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Another critical flaw in iOS 16's VPN implementation has been discovered

Around May time, a security expert made the discovery that iPhone VPN apps were leaking users' data and claimed that Apple was doing nothing to fix the issue.

Just a few months later, a new major bug in VPN apps for iOS has been discovered. This situation poses a genuine threat to the confidentiality of some individuals' most private data.

Recently, another specialist found that a number of Apple apps, including Health and Wallet, leak users' private information by communicating it outside of a secure VPN connection.

Unfortunately, this isn't on the shoulders of the top VPN services.

We can attest that iOS 16 does, in fact, interact with Apple's services outside of a secure VPN connection. Moreover, DNS requests are being leaked, as developer and security researcher Tommy Mysk tweeted on October 12th.

Using a virtual private network (VPN) should encrypt your data and route it through a different country's server before it reaches its final destination. This information transmission should be secure from intrusion by your Internet service provider or any other parties. You can also browse the web without worrying that your true IP address or location will be revealed to the sites you visit.

On iOS 16 Mysk conducted a small number of tests while connected to both the Proton VPN and Wireshark. His team's discovery that many Apple apps bypass the VPN tunnel and instead communicate with Apple servers came as a shock.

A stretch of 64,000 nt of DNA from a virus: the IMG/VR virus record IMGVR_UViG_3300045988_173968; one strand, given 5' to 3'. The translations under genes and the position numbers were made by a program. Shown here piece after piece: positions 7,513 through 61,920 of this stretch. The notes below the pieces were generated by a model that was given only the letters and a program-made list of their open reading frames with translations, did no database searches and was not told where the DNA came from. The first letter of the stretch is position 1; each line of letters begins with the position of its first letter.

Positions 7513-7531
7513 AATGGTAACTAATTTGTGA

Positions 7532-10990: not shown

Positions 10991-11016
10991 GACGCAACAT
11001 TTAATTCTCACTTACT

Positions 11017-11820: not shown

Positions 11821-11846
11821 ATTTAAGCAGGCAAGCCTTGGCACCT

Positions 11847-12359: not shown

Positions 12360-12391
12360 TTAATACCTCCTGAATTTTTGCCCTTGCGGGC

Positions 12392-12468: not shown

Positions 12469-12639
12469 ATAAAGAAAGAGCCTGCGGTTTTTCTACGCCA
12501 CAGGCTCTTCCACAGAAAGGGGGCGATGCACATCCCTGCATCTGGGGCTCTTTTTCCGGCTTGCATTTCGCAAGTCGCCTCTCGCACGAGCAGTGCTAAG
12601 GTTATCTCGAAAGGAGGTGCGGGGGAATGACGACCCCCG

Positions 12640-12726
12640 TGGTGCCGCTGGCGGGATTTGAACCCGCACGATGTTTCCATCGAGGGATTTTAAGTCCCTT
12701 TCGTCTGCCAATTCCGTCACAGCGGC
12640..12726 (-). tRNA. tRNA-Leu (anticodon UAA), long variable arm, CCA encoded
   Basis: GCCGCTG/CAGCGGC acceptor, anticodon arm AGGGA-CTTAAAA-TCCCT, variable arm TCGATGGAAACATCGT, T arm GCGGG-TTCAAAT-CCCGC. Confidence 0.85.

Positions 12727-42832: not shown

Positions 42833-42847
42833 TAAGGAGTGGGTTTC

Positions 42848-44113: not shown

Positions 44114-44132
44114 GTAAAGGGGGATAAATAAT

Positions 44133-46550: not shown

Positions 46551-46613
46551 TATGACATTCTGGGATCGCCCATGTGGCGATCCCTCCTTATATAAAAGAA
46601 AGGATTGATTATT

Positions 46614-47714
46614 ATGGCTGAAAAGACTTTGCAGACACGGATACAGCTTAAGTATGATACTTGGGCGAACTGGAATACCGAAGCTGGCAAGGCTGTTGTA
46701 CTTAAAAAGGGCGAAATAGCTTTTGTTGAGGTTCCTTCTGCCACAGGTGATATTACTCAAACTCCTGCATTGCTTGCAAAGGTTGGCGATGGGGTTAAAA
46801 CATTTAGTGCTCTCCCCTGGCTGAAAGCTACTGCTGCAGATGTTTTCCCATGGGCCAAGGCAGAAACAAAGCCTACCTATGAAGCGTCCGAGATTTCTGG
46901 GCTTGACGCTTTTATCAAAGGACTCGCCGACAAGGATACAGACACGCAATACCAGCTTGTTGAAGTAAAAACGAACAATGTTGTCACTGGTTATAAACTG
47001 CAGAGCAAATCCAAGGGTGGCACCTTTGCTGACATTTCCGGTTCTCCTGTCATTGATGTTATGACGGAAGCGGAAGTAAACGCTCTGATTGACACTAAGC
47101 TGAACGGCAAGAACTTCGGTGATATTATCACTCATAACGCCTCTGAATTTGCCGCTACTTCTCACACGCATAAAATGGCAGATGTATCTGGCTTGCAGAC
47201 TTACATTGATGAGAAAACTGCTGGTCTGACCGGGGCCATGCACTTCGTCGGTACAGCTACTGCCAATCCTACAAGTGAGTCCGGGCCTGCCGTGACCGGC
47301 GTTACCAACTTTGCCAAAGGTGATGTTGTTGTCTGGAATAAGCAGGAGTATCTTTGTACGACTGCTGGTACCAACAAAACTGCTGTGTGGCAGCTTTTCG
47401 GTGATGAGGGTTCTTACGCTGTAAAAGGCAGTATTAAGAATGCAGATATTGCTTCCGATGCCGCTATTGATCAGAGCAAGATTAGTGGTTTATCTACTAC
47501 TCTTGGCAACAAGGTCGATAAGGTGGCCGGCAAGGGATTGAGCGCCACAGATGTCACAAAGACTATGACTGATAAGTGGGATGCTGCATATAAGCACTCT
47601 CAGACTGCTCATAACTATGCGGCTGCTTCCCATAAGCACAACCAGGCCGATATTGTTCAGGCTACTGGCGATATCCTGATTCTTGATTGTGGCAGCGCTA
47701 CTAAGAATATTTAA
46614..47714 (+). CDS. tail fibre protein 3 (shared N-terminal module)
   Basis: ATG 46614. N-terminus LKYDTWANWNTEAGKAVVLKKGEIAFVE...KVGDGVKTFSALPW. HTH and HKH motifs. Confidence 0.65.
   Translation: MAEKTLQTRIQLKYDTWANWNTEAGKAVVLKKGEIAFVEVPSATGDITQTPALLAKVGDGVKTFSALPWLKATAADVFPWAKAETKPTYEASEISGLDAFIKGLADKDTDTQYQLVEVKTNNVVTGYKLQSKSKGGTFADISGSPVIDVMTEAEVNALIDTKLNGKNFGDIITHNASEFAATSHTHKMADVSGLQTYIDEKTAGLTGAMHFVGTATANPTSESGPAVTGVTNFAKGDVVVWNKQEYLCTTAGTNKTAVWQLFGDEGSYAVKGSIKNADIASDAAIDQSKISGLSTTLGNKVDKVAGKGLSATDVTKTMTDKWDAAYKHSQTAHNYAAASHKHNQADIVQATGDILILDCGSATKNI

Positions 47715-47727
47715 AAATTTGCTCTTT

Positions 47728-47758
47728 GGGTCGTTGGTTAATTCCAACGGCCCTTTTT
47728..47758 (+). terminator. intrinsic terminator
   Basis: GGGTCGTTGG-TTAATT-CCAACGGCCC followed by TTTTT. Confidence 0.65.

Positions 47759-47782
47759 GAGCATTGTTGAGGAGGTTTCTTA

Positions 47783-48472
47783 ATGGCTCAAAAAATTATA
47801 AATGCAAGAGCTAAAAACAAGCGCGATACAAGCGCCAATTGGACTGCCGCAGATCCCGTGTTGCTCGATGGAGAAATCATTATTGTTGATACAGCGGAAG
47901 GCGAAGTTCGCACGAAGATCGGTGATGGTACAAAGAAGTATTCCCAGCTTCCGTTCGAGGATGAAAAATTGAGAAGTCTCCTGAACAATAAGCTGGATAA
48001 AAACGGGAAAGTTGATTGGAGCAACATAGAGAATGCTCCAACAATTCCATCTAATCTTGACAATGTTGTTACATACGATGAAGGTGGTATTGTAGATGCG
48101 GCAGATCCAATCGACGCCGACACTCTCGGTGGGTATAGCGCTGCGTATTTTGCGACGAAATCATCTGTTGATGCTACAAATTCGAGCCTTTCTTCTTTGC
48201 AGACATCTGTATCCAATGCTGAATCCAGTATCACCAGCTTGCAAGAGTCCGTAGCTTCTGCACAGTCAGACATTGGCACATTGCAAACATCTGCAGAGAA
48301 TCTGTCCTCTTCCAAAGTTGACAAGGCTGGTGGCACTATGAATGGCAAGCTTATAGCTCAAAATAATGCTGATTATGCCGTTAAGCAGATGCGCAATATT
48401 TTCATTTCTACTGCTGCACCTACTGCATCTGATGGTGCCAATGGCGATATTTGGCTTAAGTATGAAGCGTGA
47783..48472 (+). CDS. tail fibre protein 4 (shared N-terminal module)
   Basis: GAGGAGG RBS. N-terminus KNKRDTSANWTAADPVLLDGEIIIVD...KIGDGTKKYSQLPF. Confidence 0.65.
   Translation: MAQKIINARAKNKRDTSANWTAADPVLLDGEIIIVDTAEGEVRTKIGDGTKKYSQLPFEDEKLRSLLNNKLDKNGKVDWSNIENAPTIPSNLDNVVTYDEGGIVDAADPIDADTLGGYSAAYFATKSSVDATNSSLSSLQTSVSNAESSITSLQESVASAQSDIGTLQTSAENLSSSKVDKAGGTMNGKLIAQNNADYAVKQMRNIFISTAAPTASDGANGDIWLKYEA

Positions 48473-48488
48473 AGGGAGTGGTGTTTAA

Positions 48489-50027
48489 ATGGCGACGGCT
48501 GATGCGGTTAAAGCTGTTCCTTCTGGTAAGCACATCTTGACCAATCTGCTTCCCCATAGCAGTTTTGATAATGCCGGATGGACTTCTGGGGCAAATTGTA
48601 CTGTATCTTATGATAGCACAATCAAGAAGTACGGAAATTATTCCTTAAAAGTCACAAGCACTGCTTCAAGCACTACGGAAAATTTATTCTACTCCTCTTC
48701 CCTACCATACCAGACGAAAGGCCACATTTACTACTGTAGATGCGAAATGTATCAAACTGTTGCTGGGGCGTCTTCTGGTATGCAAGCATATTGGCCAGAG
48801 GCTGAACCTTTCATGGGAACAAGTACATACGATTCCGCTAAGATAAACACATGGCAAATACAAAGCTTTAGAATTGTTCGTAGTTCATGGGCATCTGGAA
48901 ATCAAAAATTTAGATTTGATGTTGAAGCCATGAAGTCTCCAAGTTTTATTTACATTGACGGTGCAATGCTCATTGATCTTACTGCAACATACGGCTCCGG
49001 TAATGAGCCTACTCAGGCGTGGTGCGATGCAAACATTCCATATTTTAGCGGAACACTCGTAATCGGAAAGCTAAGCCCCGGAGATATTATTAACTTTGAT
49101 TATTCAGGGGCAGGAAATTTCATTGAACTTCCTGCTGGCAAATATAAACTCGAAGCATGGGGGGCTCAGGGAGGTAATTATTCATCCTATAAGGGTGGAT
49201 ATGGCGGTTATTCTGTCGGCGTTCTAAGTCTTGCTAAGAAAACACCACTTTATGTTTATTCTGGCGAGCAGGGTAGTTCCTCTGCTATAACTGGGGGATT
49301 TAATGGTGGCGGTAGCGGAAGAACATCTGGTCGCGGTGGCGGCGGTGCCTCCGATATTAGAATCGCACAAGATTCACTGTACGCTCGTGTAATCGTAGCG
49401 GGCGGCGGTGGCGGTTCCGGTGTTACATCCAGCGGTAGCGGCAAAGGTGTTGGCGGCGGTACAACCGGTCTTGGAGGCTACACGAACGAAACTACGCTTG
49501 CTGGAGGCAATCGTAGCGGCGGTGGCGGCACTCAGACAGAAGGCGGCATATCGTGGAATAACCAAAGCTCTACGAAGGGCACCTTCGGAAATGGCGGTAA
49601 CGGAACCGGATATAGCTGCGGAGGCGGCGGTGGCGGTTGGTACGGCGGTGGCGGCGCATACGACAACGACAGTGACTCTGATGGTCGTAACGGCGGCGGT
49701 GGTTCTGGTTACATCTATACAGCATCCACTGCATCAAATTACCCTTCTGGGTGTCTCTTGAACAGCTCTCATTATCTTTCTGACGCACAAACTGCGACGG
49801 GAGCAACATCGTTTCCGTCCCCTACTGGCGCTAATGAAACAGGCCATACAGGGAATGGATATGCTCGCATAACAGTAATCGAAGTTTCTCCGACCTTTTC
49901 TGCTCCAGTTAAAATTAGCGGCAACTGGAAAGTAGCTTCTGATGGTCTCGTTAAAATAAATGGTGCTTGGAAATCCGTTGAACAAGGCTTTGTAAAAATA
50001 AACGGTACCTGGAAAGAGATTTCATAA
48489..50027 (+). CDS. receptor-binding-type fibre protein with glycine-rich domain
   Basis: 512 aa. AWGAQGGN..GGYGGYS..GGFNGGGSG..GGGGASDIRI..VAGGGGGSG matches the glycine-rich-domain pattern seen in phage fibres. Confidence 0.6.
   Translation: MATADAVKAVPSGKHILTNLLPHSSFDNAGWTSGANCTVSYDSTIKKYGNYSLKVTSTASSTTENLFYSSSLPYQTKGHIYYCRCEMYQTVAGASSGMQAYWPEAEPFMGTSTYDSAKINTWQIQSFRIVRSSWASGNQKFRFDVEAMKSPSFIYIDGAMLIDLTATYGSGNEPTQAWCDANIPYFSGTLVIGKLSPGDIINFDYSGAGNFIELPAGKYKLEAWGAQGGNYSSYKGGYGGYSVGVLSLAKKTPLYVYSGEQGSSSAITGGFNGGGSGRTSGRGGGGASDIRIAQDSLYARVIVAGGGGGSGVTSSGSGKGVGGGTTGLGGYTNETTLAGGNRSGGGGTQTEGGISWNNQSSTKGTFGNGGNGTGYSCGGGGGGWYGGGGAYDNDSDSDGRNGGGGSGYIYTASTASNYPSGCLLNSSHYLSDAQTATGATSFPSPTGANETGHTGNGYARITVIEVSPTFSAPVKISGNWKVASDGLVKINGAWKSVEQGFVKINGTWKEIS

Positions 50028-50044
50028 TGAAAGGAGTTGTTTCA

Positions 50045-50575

The most sensitive and private information is being stored and managed by the very applications that are leaking it. Apps like Health, Wallet, the Apple Store, Clips, Files, Find My, Maps, and Settings are included.

When asked about the motivations behind this flaw, Myks seems to assume that Apple does it on purpose.

"The iPhone's Find My and Push Notifications features, for example, need to maintain a constant connection to Apple's servers. There should be no problem, however, with tunneling this traffic through the VPN connection. He told 9to5Mac that the traffic is encrypted regardless and that they were surprised by the extent of the leak.

Those who use Apple products are not the only ones putting their personal information at risk, as Mysk's tests show.

That's a good question, and the short answer is yes. Even with Always-on and Block Connections without VPN enabled, Android will still make connections to Google services that are not encrypted.

We reported a few days ago on findings from a security audit conducted by Mullvad VPN, which found that Android devices are secretly undermining VPN services.

In this scenario, Android VPNs leak user information when checking for network compatibility over unsecured Wi-Fi.

While the VPN service promised to implement a way to disable these checks while the service was active, Google, as a major tech company, saw no reason to do so. Which is why Mullvad is now lobbying to have the VPN features described as "misleading" changed.